It’s been four years since the Affordable Care Act was passed and about 10 months since the first Open Enrollment period began in October 2013. So, how is Obamacare doing? This health reform update highlights seven interesting, and perhaps unexpected developments.
1. States that embraced the ACA are doing better at covering the uninsured. According to a Gallup poll, states that set up their own health exchanges and expanded Medicaid on their own initiative have reduced their number of uninsured people three times faster than states that didn’t (source). Lagging well behind are states which rejected both options: neither establishing their own exchanges, nor expanding Medicaid (source).
2. Even where Medicaid hasn’t changed, there are lots of new sign-ups. Almost one million people have signed up for Medicaid since the beginning of this year, even in states where the program remained unchanged. In these areas, where there’s no new access to the program – or any new Medicaid policies at all – “the public conversation around new insurance options encouraged them to apply and get benefits they were always eligible for,” says the NY Times, making them “incidental beneficiaries of Obamacare.”
3. Seniors don’t like Obamacare, but they are benefiting from it. In 2011, as many as 59% of seniors had “an unfavorable view of the law,” says Huffington Post. Now that number is down to 47%, which is still quite high, considering that Obamacare has afforded seniors access to free annual wellness visits and many no- or low-cost preventative services. Members of Medicare Part D, for example, used to pay full price for drugs. Now they pay only 47% on brand-names and 72% on generics.
4. Medicare is benefiting too. Seniors aren’t the only ones paying less: Medicare itself is doing better. Before the ACA, it was projected to become insolvent by 2016. Now, that date has been pushed back to 2030 (source).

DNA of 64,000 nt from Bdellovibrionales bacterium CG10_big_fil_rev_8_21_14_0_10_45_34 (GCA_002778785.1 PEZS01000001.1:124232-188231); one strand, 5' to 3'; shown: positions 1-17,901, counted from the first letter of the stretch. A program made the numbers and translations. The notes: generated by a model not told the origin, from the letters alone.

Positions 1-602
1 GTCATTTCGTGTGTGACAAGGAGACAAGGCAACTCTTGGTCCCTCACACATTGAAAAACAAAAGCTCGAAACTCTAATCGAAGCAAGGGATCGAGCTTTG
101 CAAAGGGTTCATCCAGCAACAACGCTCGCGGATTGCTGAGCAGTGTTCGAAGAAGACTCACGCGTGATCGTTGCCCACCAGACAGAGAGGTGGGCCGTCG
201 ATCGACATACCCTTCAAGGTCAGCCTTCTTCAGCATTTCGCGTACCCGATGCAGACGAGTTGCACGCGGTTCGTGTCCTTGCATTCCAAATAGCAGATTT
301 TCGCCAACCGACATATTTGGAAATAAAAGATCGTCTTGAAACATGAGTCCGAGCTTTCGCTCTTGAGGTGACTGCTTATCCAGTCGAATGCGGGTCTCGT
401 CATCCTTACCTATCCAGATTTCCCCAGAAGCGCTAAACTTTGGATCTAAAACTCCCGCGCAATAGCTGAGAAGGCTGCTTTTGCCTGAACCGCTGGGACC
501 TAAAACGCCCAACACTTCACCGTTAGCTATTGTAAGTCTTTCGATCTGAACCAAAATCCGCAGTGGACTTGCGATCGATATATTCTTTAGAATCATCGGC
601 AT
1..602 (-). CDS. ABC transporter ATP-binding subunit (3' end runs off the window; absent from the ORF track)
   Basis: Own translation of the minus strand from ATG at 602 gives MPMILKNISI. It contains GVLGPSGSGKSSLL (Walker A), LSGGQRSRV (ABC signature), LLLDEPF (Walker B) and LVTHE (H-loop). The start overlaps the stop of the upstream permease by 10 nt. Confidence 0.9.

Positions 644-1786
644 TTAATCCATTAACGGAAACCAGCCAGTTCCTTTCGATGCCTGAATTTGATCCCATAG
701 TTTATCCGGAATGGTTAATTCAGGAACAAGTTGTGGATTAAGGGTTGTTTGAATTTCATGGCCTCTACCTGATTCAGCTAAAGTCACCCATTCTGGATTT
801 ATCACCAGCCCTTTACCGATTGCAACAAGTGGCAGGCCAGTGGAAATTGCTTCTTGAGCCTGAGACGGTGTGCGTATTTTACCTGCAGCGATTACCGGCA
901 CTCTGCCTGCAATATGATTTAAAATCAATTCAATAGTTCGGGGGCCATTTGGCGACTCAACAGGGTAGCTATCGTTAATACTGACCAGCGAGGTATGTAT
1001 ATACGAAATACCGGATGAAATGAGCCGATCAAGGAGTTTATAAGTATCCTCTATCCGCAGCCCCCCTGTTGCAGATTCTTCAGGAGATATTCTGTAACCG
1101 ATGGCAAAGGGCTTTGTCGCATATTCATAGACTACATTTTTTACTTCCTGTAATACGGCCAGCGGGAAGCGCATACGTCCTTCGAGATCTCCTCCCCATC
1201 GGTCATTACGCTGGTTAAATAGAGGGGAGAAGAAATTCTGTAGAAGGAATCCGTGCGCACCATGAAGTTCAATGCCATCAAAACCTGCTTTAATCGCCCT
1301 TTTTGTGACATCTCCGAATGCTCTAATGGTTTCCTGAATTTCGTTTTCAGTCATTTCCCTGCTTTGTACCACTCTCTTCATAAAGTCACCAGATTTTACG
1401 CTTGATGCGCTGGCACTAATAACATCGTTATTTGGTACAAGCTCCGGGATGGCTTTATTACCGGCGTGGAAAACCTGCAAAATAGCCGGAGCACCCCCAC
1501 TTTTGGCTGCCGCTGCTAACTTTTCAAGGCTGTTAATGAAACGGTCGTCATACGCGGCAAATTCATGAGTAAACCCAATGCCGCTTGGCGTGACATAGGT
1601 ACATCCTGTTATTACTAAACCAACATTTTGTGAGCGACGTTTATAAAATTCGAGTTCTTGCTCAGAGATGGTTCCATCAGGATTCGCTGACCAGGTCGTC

5. Not everyone is getting what they need. Americans with health conditions that require costly treatments aren’t off the hook yet, even if Obamacare has made it possible for them to get coverage. Out-of-pocket costs can still make medical bills unaffordable, Obamacare Facts points out.
6. But that doesn’t mean Americans want to sue Obama. House Republicans filed a lawsuit against Obama this summer, alleging that he overstepped his authority in pushing the ACA through. Most Americans, however, disapprove of the lawsuit, by 57% to 41%.
7. The face of those who provide care seems to be changing. The ACA has made strides in changing the health care system in the U.S., but it hasn’t alleviated the crisis. Seventy-six million aging Boomers, combined with millions of newly-insured Americans, have placed new demands on the system, forcing health care providers to find new ways to provide more care for less. One proposed response to that challenge has been to give nurses larger roles, transforming them into the “frontline caregivers” in tomorrow’s health care landscape (source).
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